Thursday, 22 January 2015

Making Parallel Chimneys

My previous article on Sentinel 7109's chimneys left a problem to be solved.

One solution suggested was to take off the LHS tubes and grind away the casting to enable the tubes to be realigned. By elongating some of the fixing holes in the tubes, this might have achieved a result. However, I was not happy with the idea of reshaping the castings in this way as it would end up with a vague fit that could come loose when subjected to vibration and heating/cooling during service.

I enquired of one of my mentors (Justin Goold) about how concentric the blast from the blast nozzles needed to be inside the chimney tubes. It would seem that it is important for the blast to be right up the centre of the tubes. Things would work if the nozzles were out of alignment but not very well.

So the first thing to be done is to measure how well the nozzles are aligned at present and hence where any adjustment is needed as it may not be the LHS chimney tubes only. I've had to make an alignment tool to investigate this.

It's important to note that the orifice of each nozzle has a machined area around it which is perpendicular to the direction of the blast. This can be used to work with an alignment tool.
 (The nozzles themselves are a converging cone shape which will not support a rod to check alignment).
Nozzles showing machined flat area around each nozzle orifice
The tool needs to sit in the orifice and follow the line of the blast. I've made it using M10 threaded rod with a foot having a ledge to rest on the orifice surround.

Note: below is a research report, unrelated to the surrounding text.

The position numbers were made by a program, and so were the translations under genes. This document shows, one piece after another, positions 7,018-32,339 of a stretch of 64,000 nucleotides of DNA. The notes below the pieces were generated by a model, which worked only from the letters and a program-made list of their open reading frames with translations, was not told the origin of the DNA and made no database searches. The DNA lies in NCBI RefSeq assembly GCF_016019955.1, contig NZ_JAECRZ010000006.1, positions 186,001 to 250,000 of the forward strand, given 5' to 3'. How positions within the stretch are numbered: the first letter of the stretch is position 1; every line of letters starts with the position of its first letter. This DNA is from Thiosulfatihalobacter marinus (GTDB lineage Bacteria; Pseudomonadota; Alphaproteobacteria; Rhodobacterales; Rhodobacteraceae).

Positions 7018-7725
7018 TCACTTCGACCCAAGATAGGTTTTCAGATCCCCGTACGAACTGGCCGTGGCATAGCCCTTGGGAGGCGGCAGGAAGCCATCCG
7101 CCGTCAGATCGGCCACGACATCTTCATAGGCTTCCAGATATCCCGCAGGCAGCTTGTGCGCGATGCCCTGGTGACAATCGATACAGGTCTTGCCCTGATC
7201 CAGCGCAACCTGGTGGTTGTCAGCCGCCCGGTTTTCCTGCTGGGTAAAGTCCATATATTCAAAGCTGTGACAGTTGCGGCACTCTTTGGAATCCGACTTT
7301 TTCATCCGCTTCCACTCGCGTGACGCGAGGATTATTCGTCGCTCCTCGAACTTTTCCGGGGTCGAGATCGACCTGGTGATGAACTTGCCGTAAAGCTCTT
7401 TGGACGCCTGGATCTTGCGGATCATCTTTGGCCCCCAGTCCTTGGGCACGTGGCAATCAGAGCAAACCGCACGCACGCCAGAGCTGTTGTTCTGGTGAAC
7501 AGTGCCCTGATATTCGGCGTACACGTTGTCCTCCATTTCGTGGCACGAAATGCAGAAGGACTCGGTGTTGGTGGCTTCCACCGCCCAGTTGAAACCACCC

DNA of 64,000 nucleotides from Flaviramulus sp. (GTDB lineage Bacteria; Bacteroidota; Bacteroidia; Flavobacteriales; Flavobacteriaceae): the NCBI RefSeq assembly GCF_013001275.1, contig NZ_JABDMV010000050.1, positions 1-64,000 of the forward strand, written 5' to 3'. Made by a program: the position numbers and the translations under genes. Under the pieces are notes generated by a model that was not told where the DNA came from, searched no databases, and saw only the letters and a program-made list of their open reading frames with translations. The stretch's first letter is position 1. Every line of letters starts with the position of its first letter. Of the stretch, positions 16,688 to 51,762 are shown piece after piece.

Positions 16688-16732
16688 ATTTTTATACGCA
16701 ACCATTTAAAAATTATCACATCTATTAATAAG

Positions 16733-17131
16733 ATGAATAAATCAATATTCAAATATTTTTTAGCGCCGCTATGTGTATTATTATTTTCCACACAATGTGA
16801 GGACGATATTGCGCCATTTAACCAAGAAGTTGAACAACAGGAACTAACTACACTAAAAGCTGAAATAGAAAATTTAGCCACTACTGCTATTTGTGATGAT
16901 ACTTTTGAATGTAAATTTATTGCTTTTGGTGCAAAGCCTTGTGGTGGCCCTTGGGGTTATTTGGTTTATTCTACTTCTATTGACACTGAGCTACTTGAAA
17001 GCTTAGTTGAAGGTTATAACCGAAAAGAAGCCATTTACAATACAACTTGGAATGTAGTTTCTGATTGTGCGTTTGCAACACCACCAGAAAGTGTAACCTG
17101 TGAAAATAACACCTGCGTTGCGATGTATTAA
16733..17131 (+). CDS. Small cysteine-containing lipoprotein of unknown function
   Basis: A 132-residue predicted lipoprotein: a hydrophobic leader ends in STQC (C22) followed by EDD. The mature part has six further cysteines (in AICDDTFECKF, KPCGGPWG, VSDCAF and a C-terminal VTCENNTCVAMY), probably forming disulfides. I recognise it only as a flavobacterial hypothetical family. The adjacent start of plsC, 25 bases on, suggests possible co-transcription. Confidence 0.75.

Threaded rod and alignment foot
Alignment foot with ledge to fit into nozzle orifice
The foot has been made carefully and the threaded rod selected so that the latter will accurately follow the line of the blast.

Thus it will be possible to check the alignment of each chimney tube with its own blast nozzle.

The next challenge is to make the chimney tubes all parallel to each other whilst still in line with the nozzle blast. Assuming the nozzles are already well aligned(!), this involves increasing the gap between the LH & RH pairs of tubes at their tops.

I'd noticed previously that when the superheater was tightened down too much, the central part of the boiler top plate was pulled downwards and no longer flat. When I loosened the superheater fixing, it lessened the inward leaning of the chimney tubes slightly although far from enough. However, if the tubes could be made to lean inwards by pulling down the superheater, they could also be made to lean further outwards by lifting the centre of the boiler top plate. Possibly this could be done and avoid grinding the castings.

But how to do it?

What's needed is a device which can push apart the two castings far enough for the heat shields to be fitted (such as a car jack)! With the heat shields fitted, they will keep the chimney tubes in place.

So the plan is:
Check the current alignment of the nozzle for each tube.
If not satisfactory, make minor adjustment (somehow!).
If aligned OK, jack the castings apart until the tubes are parallel.
Reassemble the heat shields.
Remove the jack.

Cross fingers!

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